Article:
Serum AAT levels were measured at baseline in a subset of patients (n = 10) at time of enrollment with SR-aGVHD. The mean (standard error of the mean [SEM]) AAT level before first infusion was 147 mg/dL (SEM, 9.4 mg/dL). The reference range in large observational studies has been reported to be 100 to 250 mg/dL, but levels may increase significantly during periods of inflammatory stress.9,32  The change in AAT level was then analyzed in paired samples from patients receiving AAT treatment for ≥2 weeks (≥4 doses). Treatment led to an increase in levels compared with pretreatment (197 vs 147 mg/dL; P = .004; Figure 4). With continued infusion, AAT levels were sustained at 4 weeks (215 mg/dL; SEM, 18.6 mg/dL). Changes in serum albumin were not observed in paired samples analyzed over the same time period (data not shown). At 8 weeks, a nonsignificant decline was noted compared with ATT levels at completion of treatment (215 vs 166 mg/dL; P = .2). In 4 patients with GI tract involvement, ATT levels rose at 2 weeks (185 mg/dL) but were not significantly elevated from baseline until 4 weeks (231 vs 147 mg/dL; P = .02).

Figure 4.

AAT levels. Serum levels of AAT were measured in patients with SR-aGVHD at enrollment before administration of ATT and in paired samples obtained at 2, 4, and 8 weeks after the start of AAT treatment. AAT administration was completed after 4 weeks. Median values are depicted. Error bars represent standard deviations. *P = .01; **P < .01. N, number of paired samples at a given time point.

Figure 4.

AAT levels. Serum levels of AAT were measured in patients with SR-aGVHD at enrollment before administration of ATT and in paired samples obtained at 2, 4, and 8 weeks after the start of AAT treatment. AAT administration was completed after 4 weeks. Median values are depicted. Error bars represent standard deviations. *P = .01; **P < .01. N, number of paired samples at a given time point.

Discussion

Although AAT can prevent chronic tissue injury (emphysema) related to enzymatic deficiency states, its role in suppressing intense inflammatory responses (aGVHD) remains uncertain. This phase 2 trial represents the largest prospective multicenter study to date investigating the safety and efficacy of exogenous AAT in the treatment of patients with high-risk SR-aGVHD. We demonstrate that twice weekly AAT infusion is safe and feasible and results in a significant proportion of clinical responses, without high rates of infection. Thus, the trial was successful in meeting its a priori expectation for response rate in SR-aGVHD (ORR, ≥45%; CR, ≥32%).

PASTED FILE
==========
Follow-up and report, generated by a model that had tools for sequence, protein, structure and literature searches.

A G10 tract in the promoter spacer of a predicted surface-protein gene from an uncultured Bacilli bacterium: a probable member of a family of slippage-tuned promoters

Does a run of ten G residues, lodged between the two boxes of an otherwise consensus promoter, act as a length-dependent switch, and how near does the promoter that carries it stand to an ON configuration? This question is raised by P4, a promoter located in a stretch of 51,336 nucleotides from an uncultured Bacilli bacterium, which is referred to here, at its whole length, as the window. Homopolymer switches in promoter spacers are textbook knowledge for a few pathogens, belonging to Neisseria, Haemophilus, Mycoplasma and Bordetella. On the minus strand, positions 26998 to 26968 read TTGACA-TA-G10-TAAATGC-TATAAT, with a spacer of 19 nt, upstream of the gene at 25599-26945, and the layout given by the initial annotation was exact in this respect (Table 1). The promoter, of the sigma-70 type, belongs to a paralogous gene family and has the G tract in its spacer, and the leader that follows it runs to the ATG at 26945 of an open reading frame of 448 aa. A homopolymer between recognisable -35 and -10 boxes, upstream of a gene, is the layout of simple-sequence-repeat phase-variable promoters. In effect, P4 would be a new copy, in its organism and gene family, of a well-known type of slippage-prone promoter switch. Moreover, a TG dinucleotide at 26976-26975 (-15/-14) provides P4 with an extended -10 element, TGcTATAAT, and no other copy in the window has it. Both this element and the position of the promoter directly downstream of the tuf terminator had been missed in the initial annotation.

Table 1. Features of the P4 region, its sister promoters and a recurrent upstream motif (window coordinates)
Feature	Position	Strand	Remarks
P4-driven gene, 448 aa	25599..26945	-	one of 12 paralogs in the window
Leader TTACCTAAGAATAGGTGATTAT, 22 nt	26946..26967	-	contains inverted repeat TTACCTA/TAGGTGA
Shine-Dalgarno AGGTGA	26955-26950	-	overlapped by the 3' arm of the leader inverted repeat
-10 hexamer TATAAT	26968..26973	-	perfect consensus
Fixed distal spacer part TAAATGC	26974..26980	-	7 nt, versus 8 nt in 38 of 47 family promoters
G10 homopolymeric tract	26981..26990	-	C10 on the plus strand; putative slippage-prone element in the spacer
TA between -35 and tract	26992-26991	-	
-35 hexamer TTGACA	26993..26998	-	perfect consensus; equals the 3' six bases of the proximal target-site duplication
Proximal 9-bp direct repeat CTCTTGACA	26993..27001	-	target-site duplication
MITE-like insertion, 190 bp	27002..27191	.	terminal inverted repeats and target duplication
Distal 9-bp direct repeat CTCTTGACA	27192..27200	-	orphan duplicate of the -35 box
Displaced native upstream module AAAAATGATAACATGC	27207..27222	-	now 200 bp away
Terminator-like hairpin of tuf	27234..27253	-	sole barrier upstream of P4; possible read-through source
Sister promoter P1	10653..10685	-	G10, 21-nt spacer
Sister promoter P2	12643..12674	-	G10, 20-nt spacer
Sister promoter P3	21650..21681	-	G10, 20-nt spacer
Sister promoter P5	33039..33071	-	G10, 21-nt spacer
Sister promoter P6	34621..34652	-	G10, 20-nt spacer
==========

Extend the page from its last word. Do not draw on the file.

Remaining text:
Our study demonstrates that when administered as first-line therapy for SR-aGVHD, AAT results in an ORR of 65% by day 28. In patients with GI tract GVHD, which can be more resistant to treatment, there was an ORR of 64% (50% achieved CR). This finding confirms the high response rate observed in an independent study that reported response in 8 of 12 patients with SR-aGVHD of the GI tract.26  We additionally demonstrate AAT can effectively constrain systemic inflammation; we observed responses in multiple GVHD target organs; 73% of these initial responses were maintained through day 60 without further GVHD-directed therapy. Nonetheless, considering the heterogeneity of the disease, the effectiveness of AAT in treating specific GVHD subtypes should be cautiously interpreted and will require additional study in subsequent trials. For example, given its relatively low prevalence, only 7 patients (18%) were treated for hepatic GVHD, with 4 PRs and no CRs by day 28. Although 2 PRs ultimately converted to CRs, larger data sets will be required to examine the role of AAT in treating high-risk subgroups.

A difficulty in interpreting published results for SR-aGVHD is the paucity of large prospective studies. Among 7 prospective clinical trials conducted since year 2000 treating a minimum of 20 patients, CR rates ranged from 14% to 38% and ORRs from 27% to 57%.8,33-38  An analysis by the American Society of Blood and Marrow Transplant reported an aggregate CR rate of 32%.31  However, the impact of infectious complications, an unintended consequence of traditionally employed immunosuppressive agents, is also an important factor when considering the overall effectiveness of treatment. For example, after antithymocyte globulin, infections can occur in >90% of patients treated in prospective trials for SR-aGVHD.7,8  Our experience with AAT suggests documented infections are relatively low (32.5%), with the predominant source being bacteremia related to commensal flora of the skin and gut. The rate of asymptomatic viral reactivation was 5% (for CMV and BK, respectively), without new cases of invasive mold infection, resulting in an infection-related mortality of 2.5% during the treatment period. This finding is in line with our preclinical data indicating that AAT may preserve responsiveness of Teffs16  and immune function in AAT-deficient patients or those with cystic fibrosis.23,24,39